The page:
On a Monday morning, Austin Community College students bustle around a classroom full of hospital beds.
The students pull mock fluids from the high-tech manikins and practice taking vitals as a partner times them. After just a few weeks in class, the students are getting ready for a test that could earn them credentials as certified nursing assistants.
These students are taking classes in one of the most in-demand areas of health care, and soon ACC will offer more aid to help students complete the courses.
The college has partnered with health care training nonprofit Dwyer Workforce Development to provide support services such as child care and transportation to students who need assistance in completing the five- to six-week nursing certification course.
Maryland-based Dwyer also buys for-profit senior care centers and converts them into nonprofit centers, which fund the health care training.
College and business leaders hope the partnership will help produce more certified nursing assistants who can work in Central Texas.
While the program provides scholarships, its other services make it unique, said Nancy Laudenslager, director of workforce development at ACC.
“If that happens to someone and they’re in a program, the world kind of falls apart, and the first thing that happens is they don’t come to class,” Laudenslager said.
The program can help students get immunizations they need to work in the health care industry, provide mental health services or connect students with other nonprofits.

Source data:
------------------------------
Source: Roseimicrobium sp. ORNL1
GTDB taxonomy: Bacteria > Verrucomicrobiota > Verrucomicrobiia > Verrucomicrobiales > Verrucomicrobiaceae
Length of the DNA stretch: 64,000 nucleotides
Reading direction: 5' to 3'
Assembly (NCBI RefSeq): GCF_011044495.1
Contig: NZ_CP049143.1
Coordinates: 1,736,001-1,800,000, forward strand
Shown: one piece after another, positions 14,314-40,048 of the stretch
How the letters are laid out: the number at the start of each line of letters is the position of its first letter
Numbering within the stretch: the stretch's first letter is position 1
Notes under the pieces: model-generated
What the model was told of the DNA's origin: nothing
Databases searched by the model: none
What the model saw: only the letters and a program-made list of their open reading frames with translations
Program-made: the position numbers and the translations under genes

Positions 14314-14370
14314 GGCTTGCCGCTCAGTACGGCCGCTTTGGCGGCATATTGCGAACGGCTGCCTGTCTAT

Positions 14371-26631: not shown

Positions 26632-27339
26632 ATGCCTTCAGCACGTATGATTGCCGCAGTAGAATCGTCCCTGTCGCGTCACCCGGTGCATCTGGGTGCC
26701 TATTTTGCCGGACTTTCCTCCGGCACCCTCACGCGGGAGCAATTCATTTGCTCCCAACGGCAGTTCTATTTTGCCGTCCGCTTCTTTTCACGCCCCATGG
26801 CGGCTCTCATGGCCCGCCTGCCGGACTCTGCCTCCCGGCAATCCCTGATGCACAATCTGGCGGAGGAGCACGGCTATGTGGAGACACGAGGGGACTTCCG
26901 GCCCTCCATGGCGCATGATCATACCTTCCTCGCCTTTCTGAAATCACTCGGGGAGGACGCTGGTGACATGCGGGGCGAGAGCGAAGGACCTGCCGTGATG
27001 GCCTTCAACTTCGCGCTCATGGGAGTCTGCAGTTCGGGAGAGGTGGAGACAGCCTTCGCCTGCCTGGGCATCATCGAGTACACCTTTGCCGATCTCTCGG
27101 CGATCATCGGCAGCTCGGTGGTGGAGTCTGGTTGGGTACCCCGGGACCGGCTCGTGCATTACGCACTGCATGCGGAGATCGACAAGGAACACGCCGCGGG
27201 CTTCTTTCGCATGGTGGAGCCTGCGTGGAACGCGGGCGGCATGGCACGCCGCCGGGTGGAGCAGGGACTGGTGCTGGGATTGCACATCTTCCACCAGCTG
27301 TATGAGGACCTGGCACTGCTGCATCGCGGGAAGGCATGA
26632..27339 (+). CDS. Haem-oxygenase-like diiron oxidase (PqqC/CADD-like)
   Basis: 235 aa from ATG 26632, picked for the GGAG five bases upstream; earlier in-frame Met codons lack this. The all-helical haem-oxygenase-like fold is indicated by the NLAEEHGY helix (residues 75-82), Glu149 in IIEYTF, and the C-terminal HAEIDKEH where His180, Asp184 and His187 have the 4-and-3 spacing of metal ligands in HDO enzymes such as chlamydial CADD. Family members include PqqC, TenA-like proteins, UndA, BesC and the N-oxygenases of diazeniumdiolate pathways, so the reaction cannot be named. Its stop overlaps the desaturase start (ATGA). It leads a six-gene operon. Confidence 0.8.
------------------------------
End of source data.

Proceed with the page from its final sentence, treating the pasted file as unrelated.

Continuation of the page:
ACC officials hope the program will help train 100 nursing assistants within a year, Laudenslager said.
More certified nursing aides are definitely needed, said Meoshe Robertson, program coordinator of the nursing assistant program at ACC.
“CNAs are such an important part of the health care team,” Robertson said. “They’re in a category of their own. The whole thing couldn’t happen without the CNA.”
Nursing assistants interact intimately with patients in hospitals, assisted living homes and other settings.
The COVID-19 pandemic only made the need more acute, she said.
By 2030, it’s expected that Texas will have a 15,900-person gap between supply and demand for 269,300 nurses, according to a 2021 study by the University of St. Augustine for Health Sciences.
The certified nursing assistant certification is a versatile one, Robertson said. Students could get a job right away with it, or they could use it as a jumping off place to get other medical certifications, she said.
CNAs in Texas on average earn $13.43 an hour, 23% lower than the U.S. average of $16.45, according to Vivian, a San Francisco-based health care job marketplace.
Laudenslager hopes the college’s partnership with Dwyer will encourage more students to come to ACC for health care training.
“In this program, and other ones, this could make a significant difference to individuals who just don’t know how to get started,” Laudenslager said.
The first students in the program will start at ACC in September. The college plans to have at least one five- to six-week nurse assistant course starting each month.